On the sacrifice day of mice treated during the full period (group B), an increase in thyroid gland weights was obtained. This result can be explained by a feedback to the hypothalamo-hypophysis axis, indicating the low levels of FT4 and FT3 in the blood; hence, more thyroid-stimulating hormone (TSH) was released in order to increase the production of these hormones. Consequently, hypothyroidism and hypertrophy of the thyroid gland were evidenced. These states of the thyroid gland, observed in group B, were the result of the continuous SCN exposure from the neonatal period until the weaning period. Indeed, SCN is transmitted from dams to foetus during pregnancy by placenta [47,48] and from mothers to pups during the lactating period by breast milk [6,22,49,50]. After weaning, young mice consumed directly SCN in the drinking water until the sacrifice day. Recent studies showed that hypothyroidism is associated with modest pituitary enlargement in humans, and several case reports of pituitary enlargement sufficient to present visual impairment through comparison of the optic chiasma have been published [51,52]. These data correlate with an important TSH secretion under hypothyroid state, as it was found in our study.

Histological changes observed in thyroid slides of group B were characterized by closed follicles, follicular cell hyperplasia, an increase in follicular number, and vascularity, as well as a decrease in colloid volume. These data confirmed previous results by Soussia and collaborators [7], who had demonstrated that in the case of rat species, thiocyanate treatment provoked follicular cell hyperplasia and a decrease in colloid volume. Moreover, these authors observed, on the periphery of follicular cavities, the presence of empty vacuoles resulting from colloid resorption. This event was not observed on mice histological slides.

When SCN was removed from the drink of group C mothers at the 15th day after delivery, the young s' body and femur growth rates, the thyroid iodine content and plasma thyroid hormone levels increased in comparison with those of group B, but did not reach control values (group A).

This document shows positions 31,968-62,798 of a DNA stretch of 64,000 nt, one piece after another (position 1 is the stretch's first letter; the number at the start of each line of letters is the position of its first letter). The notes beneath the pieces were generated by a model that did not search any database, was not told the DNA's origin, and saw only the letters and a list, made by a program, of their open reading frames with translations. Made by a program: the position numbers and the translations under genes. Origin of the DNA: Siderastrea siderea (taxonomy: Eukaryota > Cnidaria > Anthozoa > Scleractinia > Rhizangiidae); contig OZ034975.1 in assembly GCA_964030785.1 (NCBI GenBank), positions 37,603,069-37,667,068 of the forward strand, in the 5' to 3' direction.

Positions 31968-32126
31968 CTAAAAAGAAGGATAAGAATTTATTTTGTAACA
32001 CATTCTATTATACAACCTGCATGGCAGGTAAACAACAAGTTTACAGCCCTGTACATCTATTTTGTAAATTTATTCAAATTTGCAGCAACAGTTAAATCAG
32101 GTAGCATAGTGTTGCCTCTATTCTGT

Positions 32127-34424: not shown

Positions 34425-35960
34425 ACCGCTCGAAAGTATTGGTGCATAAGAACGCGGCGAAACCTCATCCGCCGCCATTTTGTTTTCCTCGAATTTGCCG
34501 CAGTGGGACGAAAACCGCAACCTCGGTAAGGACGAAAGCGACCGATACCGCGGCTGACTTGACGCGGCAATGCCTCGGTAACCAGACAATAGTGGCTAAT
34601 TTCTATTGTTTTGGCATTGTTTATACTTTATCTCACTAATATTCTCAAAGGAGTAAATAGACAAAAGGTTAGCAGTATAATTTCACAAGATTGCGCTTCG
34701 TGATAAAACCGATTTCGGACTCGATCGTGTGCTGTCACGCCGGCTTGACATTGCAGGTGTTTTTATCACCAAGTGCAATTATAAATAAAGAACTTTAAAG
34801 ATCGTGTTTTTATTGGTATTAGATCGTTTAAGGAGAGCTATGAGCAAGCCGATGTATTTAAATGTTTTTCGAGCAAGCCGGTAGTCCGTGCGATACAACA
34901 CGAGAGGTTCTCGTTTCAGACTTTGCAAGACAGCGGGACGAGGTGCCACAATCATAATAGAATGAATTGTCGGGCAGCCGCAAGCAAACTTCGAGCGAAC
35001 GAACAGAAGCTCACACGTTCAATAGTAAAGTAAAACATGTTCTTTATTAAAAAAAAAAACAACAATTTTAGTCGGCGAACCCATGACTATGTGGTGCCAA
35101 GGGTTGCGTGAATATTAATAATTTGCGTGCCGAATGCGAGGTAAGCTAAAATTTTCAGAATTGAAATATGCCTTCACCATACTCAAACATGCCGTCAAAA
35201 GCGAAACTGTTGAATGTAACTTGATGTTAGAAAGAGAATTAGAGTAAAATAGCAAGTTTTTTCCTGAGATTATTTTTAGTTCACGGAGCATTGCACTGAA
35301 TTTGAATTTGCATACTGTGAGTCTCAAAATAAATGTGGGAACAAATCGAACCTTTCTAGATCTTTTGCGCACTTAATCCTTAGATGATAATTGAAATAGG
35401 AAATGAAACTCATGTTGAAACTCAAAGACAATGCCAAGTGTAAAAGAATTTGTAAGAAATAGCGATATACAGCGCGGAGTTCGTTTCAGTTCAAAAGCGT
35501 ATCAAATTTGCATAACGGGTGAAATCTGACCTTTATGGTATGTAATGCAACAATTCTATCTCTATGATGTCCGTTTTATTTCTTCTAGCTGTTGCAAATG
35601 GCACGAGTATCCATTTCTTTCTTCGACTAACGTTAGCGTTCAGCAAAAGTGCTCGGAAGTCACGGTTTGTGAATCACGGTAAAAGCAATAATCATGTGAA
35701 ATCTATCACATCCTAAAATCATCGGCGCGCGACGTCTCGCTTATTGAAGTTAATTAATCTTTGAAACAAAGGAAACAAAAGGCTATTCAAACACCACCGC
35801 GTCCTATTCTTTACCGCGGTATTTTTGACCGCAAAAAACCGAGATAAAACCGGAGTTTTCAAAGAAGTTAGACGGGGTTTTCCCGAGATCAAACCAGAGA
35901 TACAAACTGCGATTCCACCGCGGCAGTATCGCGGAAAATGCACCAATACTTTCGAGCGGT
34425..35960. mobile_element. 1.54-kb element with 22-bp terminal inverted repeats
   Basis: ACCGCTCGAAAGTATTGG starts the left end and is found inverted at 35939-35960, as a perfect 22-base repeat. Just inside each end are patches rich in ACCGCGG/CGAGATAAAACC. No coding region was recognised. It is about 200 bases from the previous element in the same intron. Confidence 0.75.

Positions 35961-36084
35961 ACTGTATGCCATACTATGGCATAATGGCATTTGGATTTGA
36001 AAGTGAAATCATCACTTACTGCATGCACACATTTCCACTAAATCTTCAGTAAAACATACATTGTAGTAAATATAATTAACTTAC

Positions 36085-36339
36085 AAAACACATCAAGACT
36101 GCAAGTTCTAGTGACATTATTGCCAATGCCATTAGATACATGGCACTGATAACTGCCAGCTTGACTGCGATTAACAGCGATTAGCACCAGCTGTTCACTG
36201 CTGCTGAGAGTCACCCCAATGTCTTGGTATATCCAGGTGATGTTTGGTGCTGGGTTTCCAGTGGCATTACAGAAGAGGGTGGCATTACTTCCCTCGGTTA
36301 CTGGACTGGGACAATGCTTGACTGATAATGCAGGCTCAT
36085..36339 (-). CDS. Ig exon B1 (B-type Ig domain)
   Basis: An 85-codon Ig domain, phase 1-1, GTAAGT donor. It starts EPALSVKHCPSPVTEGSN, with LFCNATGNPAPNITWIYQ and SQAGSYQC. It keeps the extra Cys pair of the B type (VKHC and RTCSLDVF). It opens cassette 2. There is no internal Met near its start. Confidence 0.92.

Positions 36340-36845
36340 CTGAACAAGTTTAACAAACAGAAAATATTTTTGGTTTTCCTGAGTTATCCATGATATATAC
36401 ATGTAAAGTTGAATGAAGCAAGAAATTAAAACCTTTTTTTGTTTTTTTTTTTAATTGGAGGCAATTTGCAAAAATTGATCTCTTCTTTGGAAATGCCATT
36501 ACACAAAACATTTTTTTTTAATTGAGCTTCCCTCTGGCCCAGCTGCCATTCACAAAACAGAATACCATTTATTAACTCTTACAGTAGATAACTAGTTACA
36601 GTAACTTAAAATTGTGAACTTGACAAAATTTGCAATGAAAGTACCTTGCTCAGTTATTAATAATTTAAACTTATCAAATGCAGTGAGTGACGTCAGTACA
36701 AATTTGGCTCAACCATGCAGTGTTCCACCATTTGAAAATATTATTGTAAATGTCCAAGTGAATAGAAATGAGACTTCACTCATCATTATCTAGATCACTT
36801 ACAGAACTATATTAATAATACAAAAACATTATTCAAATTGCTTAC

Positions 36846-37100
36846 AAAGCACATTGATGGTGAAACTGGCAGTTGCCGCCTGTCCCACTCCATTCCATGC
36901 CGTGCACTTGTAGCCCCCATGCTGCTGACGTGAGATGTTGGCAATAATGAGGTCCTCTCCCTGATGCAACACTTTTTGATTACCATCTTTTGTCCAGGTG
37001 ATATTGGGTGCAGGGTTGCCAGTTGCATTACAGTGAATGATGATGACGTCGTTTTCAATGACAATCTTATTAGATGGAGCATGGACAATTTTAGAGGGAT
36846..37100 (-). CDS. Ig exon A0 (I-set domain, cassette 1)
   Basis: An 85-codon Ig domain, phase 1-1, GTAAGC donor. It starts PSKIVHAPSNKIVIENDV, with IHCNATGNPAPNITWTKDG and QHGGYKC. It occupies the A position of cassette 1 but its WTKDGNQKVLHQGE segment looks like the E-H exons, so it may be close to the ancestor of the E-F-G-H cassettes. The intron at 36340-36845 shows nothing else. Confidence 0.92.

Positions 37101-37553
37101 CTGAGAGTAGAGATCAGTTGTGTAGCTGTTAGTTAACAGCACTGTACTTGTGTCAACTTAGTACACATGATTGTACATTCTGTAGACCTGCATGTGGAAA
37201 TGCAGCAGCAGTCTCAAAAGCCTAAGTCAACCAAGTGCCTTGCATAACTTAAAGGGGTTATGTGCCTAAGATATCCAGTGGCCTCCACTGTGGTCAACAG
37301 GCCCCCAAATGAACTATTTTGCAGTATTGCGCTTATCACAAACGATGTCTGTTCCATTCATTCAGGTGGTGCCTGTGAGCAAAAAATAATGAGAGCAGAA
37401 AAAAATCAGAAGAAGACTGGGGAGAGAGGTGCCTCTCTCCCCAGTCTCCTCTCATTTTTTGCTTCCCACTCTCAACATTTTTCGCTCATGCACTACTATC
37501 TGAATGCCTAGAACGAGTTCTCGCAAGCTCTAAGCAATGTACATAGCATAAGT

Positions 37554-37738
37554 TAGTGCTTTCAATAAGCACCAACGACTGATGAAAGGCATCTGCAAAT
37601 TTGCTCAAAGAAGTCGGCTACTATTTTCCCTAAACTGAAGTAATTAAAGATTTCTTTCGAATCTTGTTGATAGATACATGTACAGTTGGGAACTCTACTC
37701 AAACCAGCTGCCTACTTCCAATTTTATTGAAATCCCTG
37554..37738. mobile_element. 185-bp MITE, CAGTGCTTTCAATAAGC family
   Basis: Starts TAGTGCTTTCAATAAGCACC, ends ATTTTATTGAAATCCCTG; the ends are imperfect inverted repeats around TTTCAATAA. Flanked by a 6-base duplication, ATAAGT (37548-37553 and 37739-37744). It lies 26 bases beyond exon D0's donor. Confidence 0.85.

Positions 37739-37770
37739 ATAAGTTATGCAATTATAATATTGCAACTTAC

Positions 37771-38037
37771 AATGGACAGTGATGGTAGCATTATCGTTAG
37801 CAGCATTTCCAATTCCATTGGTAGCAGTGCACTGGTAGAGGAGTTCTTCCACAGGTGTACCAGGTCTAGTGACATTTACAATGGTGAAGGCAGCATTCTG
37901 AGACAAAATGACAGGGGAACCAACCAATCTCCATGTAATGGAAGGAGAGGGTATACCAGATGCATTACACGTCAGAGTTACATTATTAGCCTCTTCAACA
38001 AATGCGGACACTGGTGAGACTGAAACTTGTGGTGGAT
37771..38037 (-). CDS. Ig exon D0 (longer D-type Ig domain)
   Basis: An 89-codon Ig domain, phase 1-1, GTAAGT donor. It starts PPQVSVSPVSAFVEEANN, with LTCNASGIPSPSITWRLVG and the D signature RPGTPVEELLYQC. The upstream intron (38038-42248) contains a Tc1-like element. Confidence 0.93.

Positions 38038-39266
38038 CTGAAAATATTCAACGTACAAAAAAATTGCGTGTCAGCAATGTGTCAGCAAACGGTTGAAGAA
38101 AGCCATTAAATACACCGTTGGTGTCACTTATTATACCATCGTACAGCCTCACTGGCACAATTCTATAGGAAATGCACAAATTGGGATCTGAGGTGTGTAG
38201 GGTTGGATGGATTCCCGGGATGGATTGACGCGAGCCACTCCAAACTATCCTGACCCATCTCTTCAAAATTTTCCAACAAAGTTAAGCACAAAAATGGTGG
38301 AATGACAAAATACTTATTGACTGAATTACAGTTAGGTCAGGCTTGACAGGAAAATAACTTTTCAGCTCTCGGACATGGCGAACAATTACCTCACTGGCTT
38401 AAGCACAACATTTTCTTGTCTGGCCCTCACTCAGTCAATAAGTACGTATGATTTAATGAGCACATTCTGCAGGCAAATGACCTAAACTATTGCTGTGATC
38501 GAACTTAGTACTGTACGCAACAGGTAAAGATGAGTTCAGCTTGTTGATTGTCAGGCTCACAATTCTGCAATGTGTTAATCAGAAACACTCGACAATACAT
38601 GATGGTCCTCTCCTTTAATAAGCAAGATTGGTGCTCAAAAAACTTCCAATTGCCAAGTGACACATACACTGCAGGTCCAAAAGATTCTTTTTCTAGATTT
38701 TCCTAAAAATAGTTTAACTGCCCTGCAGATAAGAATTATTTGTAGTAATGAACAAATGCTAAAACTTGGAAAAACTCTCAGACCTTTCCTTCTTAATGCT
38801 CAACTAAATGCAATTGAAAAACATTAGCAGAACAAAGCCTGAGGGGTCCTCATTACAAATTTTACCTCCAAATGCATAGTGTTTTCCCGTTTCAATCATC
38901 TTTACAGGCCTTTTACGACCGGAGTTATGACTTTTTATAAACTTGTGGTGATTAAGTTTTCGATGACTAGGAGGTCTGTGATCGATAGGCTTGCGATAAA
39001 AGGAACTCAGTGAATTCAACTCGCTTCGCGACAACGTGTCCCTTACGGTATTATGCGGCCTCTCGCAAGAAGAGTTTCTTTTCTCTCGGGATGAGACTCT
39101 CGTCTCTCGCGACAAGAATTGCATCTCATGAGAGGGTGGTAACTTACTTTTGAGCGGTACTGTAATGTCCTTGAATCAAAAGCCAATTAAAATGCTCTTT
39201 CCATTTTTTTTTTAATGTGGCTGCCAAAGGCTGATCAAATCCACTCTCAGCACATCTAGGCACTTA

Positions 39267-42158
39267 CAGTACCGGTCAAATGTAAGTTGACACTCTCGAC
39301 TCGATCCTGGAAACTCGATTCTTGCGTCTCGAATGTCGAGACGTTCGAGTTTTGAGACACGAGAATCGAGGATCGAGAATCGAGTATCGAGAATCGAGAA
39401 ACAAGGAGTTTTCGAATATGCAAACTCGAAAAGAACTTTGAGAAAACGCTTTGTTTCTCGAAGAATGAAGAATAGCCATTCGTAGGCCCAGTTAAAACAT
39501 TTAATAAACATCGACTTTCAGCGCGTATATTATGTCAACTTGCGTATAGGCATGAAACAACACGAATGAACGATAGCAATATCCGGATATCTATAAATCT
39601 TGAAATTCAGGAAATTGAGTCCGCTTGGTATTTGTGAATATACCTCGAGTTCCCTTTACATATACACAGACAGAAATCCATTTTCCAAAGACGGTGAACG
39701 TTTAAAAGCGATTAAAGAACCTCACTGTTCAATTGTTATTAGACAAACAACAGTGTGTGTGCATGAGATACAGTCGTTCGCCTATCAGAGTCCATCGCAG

Improvement of all biochemical parameters might be explained, first, by an amelioration of the mothers' milk iodide content before the weaning day (21st day). Indeed, thiocyanate treatment during the lactating period inhibited the two effects of prolactine on iodide and NIS accumulation by the mammary gland [53]. During this period, thiocyanate inhibited iodide transporter activity as well as bearing functions like a general metabolic inhibitor [53]. Furthermore, results of Ben Hamida et al. [6] showed that after 12 days of thiocyanate withdrawal from drinking water during the lactating period, body weight and plasma thyroid hormone levels of both mothers and pups increased. Second, after the weaning day, the young mice of group C did not receive thiocyanate from water and showed an increase in daily food consumption and ingested iodide; these helped in thyroid iodine retention. Consequently, a reversible thiocyanate effect was noted, with a partial coming back of plasma thyroid hormone levels.

In contrast to iodine deficiency, where there is a preferential FT3 rather than FT4 production, we have noted that the FT3 plasma level is significantly lower, whereas FT4 is slightly reduced compared to those of group A. We can explain this result by the fact that thiocyanate has an inhibitory effect on T4 5′-monodeiodination (DI), as demonstrated by Langer et al. [54].